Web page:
What is Countersigning?

When you make an offer, or place a tender, on a house it will either be accepted, rejected, or you will start negotiations with the vendor. If you start negotiations you will presented with your original sale and purchase agreement countersigned. This countersigned agreement is usually the original contract you submitted with some changes made by the vendor, signed by the vendor. They may have changed anything on the agreement including the price, the settlement date or the conditions.

It is usual for these negotiations to be handled by the real estate agent and you should have any amendments to the sale and purchase agreement approved by your lawyer before signing - especially if the amendments are changes to the conditions of the contract, or parts of the standard contract have been crossed out. You may choose not to accept the changes made by the vendor, and can either countersign the agreement again (making your own changes) or end the negotiations.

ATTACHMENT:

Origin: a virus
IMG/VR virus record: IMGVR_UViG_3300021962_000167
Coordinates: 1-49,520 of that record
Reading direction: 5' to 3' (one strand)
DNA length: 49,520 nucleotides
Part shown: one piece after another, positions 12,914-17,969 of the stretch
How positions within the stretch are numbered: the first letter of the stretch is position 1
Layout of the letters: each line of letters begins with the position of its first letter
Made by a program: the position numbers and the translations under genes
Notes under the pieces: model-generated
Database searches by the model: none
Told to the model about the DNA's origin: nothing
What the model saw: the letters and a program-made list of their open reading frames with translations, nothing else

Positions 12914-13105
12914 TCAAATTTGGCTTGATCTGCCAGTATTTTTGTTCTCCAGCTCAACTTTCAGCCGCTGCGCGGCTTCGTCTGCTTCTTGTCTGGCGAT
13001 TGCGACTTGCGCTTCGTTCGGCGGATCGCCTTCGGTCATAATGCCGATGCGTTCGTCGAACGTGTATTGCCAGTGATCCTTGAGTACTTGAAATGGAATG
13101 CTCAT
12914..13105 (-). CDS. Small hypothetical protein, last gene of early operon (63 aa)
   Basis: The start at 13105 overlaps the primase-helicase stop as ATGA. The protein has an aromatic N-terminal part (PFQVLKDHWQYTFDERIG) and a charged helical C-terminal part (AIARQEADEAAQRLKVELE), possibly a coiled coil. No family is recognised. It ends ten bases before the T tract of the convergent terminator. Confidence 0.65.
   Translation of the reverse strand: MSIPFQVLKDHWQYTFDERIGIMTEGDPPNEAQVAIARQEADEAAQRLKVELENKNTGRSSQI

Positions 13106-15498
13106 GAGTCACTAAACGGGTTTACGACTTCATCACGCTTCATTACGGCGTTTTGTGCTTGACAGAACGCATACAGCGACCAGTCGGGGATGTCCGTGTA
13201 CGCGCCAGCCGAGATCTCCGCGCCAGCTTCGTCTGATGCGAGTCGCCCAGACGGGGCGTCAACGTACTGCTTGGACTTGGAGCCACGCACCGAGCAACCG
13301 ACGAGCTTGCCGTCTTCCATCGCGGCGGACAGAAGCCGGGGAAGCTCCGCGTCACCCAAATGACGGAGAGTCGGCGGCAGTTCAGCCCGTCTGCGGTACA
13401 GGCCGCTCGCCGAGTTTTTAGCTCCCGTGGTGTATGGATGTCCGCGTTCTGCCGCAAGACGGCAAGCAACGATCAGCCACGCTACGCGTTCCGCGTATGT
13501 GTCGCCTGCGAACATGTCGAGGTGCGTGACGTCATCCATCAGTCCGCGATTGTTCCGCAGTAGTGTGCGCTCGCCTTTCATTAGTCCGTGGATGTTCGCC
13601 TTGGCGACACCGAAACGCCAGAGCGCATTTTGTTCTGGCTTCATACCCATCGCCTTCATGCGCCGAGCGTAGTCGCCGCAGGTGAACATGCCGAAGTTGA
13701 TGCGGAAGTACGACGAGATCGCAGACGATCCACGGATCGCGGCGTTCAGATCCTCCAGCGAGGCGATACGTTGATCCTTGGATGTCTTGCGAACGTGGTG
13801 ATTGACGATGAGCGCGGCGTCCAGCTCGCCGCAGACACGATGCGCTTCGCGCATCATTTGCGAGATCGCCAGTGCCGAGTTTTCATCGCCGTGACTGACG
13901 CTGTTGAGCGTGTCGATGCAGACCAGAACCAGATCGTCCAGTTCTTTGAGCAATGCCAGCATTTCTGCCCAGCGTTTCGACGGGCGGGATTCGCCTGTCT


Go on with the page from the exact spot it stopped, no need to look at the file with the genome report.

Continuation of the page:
Every time the sale and purchase agreement is amended and submitted to the other party it is, in law, the rejection of the previous offer and the making of a counter-offer. This amendment of the sale and purchase agreement is often referred to as countersigning. All changes to the agreement need to be initialled (this can mean a lot of signing!). Only when the countersigned document is accepted without any amendment and signed is a legally binding contract formed.

Just because you have countersigned and countersigned and finally agreed - this does not mean that the house is sold - you may still have conditions to work through before the contract goes unconditional - find out more about going unconditional.

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